Improving efficiency. Making farming more efficient allows for greater profits, while reducing the time-consuming guess-work of operating without accurate data. “Improving efficiency should always be the first goal,” says Mr. Cogdill. “If you remove your pain points, you are able to design connectivity solutions and solve problems, making the relationship between the agronomist and the farmer more efficient, as well.”

Adding value. Accurate data is the best tool for making changes and improvements. It helps to predict future risks and opportunities, and it can allow for tracking and trending business information year over year. Clean, reliable data can lead to improved sales, reduced waste and can allow agronomists to serve their ever-growing list of clients. “Traceability, sustainability. These are important things and agronomists can help farmers deliver these things with data that is ready to act upon by using technology like Proagrica’s Sirrus platform. Sirrus gives you in-field mobility and in-office proficiency with or without wireless connectivity – you can access your data anywhere. Another benefit of Sirrus is that it seamlessly syncs with agX®. This means you can easily share information with customers, coworkers and all other agX-compliant applications, which drives easy communication and connectivity,” says Mr. Cogdill.

Driving decision-making. Data-driven decision making means a grower is able to make decisions based on data and metrics, rather than relying only on intuition. “Decision-making tools allows agronomists to gain insights and growers to be more connected to information. Programs, like Proagrica’s Sirrus platform, allow innovators to create industry standards up and down the ag supply chain and give growers the ability to take advantage of the opportunities created,” says Mr. Cogdill.

Inter-connectivity between platforms. There are many programs, apps and connectivity tools that offer solutions to data storage and aggregation challenges. However, if the tools selected do not communicate with one another, the business will not realize the actual value of the tools. “With set standards and inter-connectivity between platforms, you are able to do more for growers than ever before. There is no work duplication, reduced errors and you have standardized formats that can be leveraged to gain insights and visibility,” says Mr. Cogdill.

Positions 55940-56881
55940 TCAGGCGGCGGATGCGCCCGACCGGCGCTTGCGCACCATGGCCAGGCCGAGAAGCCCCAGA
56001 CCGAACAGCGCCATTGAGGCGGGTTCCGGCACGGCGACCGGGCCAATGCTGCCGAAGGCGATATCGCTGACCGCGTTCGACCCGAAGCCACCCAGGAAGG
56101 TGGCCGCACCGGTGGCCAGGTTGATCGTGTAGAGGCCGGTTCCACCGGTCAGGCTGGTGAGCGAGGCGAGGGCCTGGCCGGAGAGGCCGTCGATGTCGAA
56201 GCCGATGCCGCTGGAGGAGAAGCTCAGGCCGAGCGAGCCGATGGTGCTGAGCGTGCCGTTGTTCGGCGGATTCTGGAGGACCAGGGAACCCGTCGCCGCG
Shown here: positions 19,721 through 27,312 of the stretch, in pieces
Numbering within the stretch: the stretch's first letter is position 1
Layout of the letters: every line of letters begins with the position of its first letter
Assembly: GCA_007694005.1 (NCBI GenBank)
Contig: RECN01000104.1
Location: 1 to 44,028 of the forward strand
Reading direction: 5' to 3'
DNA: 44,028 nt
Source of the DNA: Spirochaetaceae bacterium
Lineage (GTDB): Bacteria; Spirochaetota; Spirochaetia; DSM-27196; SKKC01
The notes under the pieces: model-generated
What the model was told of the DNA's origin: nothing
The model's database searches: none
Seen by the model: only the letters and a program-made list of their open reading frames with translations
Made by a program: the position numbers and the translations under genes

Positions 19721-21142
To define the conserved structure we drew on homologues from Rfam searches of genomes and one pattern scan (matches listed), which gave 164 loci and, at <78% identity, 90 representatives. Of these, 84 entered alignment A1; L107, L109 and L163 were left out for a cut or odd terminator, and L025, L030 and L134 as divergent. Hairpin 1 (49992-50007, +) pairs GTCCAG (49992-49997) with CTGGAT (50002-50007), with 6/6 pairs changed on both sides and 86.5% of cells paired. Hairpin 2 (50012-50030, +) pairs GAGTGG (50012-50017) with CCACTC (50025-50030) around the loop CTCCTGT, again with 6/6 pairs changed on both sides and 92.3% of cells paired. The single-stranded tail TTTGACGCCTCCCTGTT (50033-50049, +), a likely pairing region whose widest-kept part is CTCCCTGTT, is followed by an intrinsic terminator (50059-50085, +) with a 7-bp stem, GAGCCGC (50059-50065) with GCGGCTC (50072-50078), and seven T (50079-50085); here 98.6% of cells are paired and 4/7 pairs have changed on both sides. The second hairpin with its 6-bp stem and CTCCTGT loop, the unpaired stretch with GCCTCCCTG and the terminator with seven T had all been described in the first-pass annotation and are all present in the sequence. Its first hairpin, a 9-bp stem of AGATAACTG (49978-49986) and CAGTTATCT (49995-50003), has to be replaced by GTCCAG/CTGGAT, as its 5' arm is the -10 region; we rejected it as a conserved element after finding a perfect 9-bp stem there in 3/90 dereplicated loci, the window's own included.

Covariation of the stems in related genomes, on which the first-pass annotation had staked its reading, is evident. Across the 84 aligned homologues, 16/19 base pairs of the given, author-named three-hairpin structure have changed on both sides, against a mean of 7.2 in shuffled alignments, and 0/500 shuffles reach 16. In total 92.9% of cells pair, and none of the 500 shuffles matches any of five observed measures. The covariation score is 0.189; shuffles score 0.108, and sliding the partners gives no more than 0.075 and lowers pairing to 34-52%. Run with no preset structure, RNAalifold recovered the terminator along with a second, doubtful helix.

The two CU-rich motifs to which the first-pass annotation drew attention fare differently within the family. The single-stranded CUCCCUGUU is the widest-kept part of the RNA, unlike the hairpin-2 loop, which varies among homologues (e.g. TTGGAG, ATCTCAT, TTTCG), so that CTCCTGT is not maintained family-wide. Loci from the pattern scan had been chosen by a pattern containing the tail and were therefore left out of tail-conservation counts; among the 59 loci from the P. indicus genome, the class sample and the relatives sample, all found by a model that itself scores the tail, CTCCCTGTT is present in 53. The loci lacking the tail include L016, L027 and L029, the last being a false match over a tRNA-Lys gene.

Solving Tomorrow’s Problems Today

Currently, with the incredible pace of change in agri-technology, forward-thinking industry leaders are now taking a critical look at the actual result of this extreme rate of development. “The pace that new tech products hit the market is exponentially fast,” says Mr. Cogdill. “There are agri-tech companies that ramp up quickly and, within a few years, they no longer exist. When investing in technology, we need to ask if the tech actually solves a problem. We need to look for actionable advancements.”

When considering what technology will move your business forward, it is important to ask a few questions:

  • What are the company’s long-term and short-term goals?
  • What is the company’s need for data?
  • How will we use the data?
  • What is the basic problem this tech will solve?

In developing tools like Sirrus, Proagrica’s experts considered the challenges of the ag industry as a whole, ways to improve the relationship between agronomists and growers and what the industry would need in the future, including improving the areas of:

  • Collaboration
  • Sustainability
  • Business Visibility
  • Traceability
  • Compliance
  • Operational Efficiency

Finding Support and Success

Going forward, agronomy and its role within agriculture will continue to grow and evolve with the needs of the industry. “Right now, the data revolution is in the early stages. The industry is in pieces because we have so many disconnected systems and solutions. However, through the role of agronomists, we can greatly improve decision access. Who knows what else the future will bring? The industry is ever-evolving. Now, we are at a point to make life more connected and more engaged,” says Mr. Cogdill.